Non-upper case SMTP address in recipient policy causes public folder issues on new servers

Recently I ran into an issue with Exchange 2003 where a recently installed server was not able to see public folder objects in ESM, and a test mailbox was also unable to view public folders through outlook.  I tried everything to get this working correctly; I researched the Microsoft Knowledgebase, posted questions in forums, but finally had to call Microsoft professional support for assistance in getting this issue worked out.  None of the troubleshooting steps laid out in the KB articles hit my issue exactly, nor did I find anything else relating to the cause of this issue online. 

To make a long story short, a mis-configuration of a recipient policy was causing the public folder store to NOT get stamped with a PRIMARY SMTP address.  This broke public folder replication, folder hierarchy view from ESM…etc.  Apparently we had a recipient policy which had a lower case (non-primary) SMTP address specified for mail enabled objects.  This policy was stamping the store with a proxy address, but not with the mail attribute.  Apparently the RUS will only stamp public folders with a Primary SMTP address.  This is mis-leading because most or all of the online documentation references the proxy address as the missing attribute, but what was missing is the mail attribute.  So when you run BPA the resulting KB article references the proxy address, and when you check in ADSIEdit, you see that the proxy is clearly there.  This is what initially threw me off and made troubleshooting the issue more complicated.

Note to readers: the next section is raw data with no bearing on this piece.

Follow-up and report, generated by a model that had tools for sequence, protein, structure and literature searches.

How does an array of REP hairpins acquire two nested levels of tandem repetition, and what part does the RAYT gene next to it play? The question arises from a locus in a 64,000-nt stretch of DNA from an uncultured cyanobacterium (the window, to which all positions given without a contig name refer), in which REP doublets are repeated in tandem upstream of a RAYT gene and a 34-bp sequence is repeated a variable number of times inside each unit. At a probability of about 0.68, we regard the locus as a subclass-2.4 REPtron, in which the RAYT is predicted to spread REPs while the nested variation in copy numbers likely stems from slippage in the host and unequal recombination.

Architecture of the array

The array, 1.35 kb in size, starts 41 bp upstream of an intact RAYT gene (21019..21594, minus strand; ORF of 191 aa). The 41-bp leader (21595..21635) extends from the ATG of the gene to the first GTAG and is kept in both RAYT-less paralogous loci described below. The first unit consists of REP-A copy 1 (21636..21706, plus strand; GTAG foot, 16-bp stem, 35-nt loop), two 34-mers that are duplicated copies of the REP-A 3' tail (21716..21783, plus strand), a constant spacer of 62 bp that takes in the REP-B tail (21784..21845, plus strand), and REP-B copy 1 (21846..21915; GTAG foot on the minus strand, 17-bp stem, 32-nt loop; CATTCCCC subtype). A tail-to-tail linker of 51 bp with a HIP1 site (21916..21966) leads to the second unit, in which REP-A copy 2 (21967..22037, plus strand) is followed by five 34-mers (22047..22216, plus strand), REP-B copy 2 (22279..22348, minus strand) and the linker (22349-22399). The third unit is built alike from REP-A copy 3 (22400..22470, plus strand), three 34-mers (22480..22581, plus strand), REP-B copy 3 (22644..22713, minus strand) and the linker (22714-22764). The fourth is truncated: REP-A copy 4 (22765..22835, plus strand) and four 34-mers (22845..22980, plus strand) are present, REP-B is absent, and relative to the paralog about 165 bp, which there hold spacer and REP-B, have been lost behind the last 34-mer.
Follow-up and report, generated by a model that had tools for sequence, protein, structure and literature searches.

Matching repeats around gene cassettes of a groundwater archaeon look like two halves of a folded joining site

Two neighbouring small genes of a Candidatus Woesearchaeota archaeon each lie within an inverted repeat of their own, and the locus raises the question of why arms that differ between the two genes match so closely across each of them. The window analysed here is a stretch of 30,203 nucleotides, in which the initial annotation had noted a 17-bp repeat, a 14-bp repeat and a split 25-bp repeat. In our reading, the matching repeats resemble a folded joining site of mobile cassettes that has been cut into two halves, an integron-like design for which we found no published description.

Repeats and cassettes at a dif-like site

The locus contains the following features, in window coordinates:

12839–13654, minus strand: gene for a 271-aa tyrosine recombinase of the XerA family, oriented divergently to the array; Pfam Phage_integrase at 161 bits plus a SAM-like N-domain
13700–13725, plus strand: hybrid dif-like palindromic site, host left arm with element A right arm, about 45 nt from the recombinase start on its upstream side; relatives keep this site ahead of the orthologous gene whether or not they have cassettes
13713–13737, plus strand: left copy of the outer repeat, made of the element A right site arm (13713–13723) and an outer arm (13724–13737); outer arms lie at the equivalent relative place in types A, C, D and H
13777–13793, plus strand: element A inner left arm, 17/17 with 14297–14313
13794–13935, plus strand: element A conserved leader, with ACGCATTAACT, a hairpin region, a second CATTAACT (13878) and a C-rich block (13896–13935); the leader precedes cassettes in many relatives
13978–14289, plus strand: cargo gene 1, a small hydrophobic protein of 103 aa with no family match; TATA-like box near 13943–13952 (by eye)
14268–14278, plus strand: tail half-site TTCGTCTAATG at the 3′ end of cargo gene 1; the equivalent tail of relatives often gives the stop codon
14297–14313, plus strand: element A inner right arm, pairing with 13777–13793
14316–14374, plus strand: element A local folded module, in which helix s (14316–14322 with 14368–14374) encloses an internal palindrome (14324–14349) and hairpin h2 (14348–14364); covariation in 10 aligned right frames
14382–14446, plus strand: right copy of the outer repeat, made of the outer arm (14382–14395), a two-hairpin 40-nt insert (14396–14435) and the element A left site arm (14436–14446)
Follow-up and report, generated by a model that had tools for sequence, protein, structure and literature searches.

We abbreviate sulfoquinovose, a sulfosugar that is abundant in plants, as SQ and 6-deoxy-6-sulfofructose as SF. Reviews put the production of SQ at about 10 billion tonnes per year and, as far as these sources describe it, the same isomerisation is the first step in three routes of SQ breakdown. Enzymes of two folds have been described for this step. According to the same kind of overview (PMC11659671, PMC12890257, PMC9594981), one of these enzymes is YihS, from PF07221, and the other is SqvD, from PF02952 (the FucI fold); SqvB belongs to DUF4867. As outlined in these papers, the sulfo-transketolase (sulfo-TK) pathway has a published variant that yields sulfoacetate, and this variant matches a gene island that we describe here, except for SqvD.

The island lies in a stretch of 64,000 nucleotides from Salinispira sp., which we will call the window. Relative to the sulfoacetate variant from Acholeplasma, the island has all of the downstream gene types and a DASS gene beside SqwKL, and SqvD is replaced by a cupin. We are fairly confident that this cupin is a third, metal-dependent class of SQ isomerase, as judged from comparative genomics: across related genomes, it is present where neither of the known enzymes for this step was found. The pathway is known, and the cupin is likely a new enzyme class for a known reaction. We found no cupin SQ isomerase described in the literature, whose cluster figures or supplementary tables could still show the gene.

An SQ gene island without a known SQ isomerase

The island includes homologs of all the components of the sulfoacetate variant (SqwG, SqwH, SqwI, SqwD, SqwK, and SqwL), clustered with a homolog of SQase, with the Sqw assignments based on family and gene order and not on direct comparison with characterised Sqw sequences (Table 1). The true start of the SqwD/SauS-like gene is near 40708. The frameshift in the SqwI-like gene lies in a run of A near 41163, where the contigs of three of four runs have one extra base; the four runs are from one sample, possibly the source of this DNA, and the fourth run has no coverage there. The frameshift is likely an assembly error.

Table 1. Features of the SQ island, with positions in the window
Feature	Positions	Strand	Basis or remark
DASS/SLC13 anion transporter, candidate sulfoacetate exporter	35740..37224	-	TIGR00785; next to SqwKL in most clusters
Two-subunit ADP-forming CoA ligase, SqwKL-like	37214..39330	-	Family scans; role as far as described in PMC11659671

To resolve the issue, highlight the non-primary SMTP address in the recipient policy, then click the button “Set as primary” to make the SMTP address a primary address.  Save the changes, then wait for replication or force it if you are impatient.  Once we did this, the RUS updated the public folder object and stamped a mail attribute and then we could see the public folder tree in ESM, replication began working, and my issue was resolved. 

It seems I have a habit of running into issues that have symptoms which are usually associated with something else, so most of the online info I find when researching these problems deal with similar issues, but the causes are normally different than the root cause of my troubles.  It seems that it always takes a call to Microsoft support services to identify the issue and resolve it.  So the lesson to be learned here, is to always make sure you have a primary SMTP Address in your recipient policy.  In this case we had two recipient policies, one was

About Joe

I am the author of this blog, IT engineer, husband, father, and somewhat of a nerd.

Posted on July 18, 2008, in Products I use, Professional/Tech, Software, Technology. Bookmark the permalink. Comments Off on Non-upper case SMTP address in recipient policy causes public folder issues on new servers.

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